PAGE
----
You know the kind of party that’s so much fun the cops appear? Or maybe the fire department came because too many people showed up to see girls getting ratchet for a trophy adorned in Olympic rings made from gold-hoop earrings? Or perhaps because the bass was shaking so hard? Joe Borusiewicz throws those. But then there are also the times he partners with artists and musicians to support and educate the scene. No matter what, this guy knows how to keep it interesting.
How did Nickel F—n Beer Night on Tuesdays at Beauty Bar start?
We had some kegs left over from something. We saw that the other Nickel Beer Night had ended recently and decided, “What the hell?” The first one had about 30 people. Now it gets somewhere between 250 and 350 people a week. It gives us a chance to book a lot of the different music that we really want to see but we don’t really have anywhere else to put it, like U.K. future music acts, weird bands, underground hip-hop, things that wouldn’t really work at a bigger venue. But since the people are coming for cheap beer, maybe we can expose them to some cool music while we’re at it.
Where do you come up with some of the crazy ideas for Nickle F—n Beer Night?
It’s really a product of what can happen when you throw regulations and rules out the window and just think, “What would make a really fun party?” Like, “Oh, it’d be really weird if we did a party with a snow machine in the middle of July,” or, “It’d be cool if we did a contest for the Rachet Olympics and tell all these people to do stupid things onstage for a trophy.” We just come up with the most random stuff. We did a bath-salt event one time during the bath-salt craze, and Metro actually came and tried to shut us down. We were joking; we were giving away stuff from Bath & Body Works. If you go to the Nickel Beer Night Facebook page, you can find three years of goofy-ass events that we’ve done.
What is the monthly Bleach event all about?
We do the event Downtown at Beauty Bar and at the Learning Village—it’s kind of a combination music event and an educational experience. DJs, producers, promoters and people who have had some success in the industry can sit down and give some face-to-face time with the local scene. Local DJs and people who have aspirations in the music scene can just fire questions at them. On May 16, we’re bringing out Starkey and Dev79 from Philadelphia who are big in the underground bass music, footwork kind of thing and they’re gonna come out and talk about production and DJing. They’ll play a set later on in the night. We’re also working with Industry Supporting Industry—which is a big crew of artists and tattooers—on a pool party every Saturday at the Downtown Grand.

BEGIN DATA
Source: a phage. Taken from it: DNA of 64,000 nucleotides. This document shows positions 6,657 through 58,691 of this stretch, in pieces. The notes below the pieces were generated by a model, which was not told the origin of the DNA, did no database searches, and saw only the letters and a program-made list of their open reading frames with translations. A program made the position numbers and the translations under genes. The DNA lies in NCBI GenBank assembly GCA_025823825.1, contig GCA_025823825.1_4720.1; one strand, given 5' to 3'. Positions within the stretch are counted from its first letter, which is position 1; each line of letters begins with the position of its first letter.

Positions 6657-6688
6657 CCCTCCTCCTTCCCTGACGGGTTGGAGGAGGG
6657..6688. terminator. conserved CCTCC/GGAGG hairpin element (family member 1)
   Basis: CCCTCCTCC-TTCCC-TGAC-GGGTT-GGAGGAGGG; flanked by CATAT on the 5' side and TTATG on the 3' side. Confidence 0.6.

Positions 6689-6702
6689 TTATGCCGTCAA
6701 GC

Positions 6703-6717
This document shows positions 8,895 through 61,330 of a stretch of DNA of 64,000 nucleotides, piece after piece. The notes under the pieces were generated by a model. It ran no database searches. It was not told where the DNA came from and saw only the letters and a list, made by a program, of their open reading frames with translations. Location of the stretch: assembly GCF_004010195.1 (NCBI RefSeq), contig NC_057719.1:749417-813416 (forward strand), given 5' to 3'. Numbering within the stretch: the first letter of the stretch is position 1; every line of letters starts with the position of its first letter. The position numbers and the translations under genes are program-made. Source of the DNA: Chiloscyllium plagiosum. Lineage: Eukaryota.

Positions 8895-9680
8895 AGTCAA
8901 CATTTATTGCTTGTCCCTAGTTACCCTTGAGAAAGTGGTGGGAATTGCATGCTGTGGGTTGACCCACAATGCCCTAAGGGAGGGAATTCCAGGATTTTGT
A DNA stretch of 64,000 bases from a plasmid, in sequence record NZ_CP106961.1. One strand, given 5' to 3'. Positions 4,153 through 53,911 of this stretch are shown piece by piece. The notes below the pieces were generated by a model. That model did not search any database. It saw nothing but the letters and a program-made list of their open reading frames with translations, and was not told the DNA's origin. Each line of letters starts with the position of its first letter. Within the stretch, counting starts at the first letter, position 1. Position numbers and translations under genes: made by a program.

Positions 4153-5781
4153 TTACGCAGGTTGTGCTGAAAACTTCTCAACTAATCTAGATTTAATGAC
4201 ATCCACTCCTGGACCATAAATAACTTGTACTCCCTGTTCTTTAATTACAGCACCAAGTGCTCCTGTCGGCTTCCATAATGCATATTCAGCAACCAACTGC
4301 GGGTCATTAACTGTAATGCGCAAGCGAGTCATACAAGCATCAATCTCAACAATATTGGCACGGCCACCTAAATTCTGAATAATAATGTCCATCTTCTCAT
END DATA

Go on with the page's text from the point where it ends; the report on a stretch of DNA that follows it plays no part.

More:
What is your personal Las Vegas party-throwing background?
I think I went to my first event in 1998. I was in high school. It was at the Cande Factore. The first time I went, I knew it was this whole crazy world I wanted to get into. I did my first event by 2000; it was called Beautiful Diversions.
And like a lot of parties back in the day, did the cops bust it up?
We didn’t have a venue until the day of the show; we had no idea what the hell we were doing. We had just put out a flier with a pager number on it that we got from JJ’s Beepers. The venue was next door to this big office building off of Charleston Boulevard and Brush Street. So we start doing this rave, paid $300 to rent the room, Chad [Craig] from AWOL Productions did the sound and Dig Dug played it. It turned out the building next door to it was the one that Metro used for all their record processing. We didn’t know this until about 100, 150 police cars were pulling in throughout the night. We got away with it until about 1 in the morning when a drunk police chief decided he didn’t like the happy hardcore and made ’em shut it down.
Who are some of the DJs you brought in before the EDM domination of Las Vegas?
We did the first Vegas [bookings] for people like Skrillex, Dillon Francis, Borgore, Flosstradamus—there are a whole bunch of people who were maybe getting a little bit of Internet hype at the time or maybe were popular with DJs that we knew who thought we should check out their tunes. Obviously they’re all huge now and playing the big-dollar residencies. But we feel like in a lot of ways we’re kind of feeding into that by giving people their first chance to play here.
I still have you in my phone as “Stasis.” What do you recall most about your days as a DJ?
The very first party that I walked into I wanted to be a DJ like every other kid probably. I started spinning drum ’n’ bass with my friend, because there really weren’t a whole lot of other people doing it, and we wanted to be able to play the music that we liked on a big-ass sound system somewhere. … I DJ’d for probably about a decade. I used to play at the Ice House and Ice nightclub when there were drum ’n’ bass nights there. I had to choose which way I was going to go as I started to get more involved in the behind-the-scenes and the business side of things; I realized that was more of my calling than music was.
I still rock out a set every now and then when somebody asks me to. I just dig out some records—I don’t know how to use CDJs. But I can still play a half-decent set if I need to.
Originally published in Vegas Seven.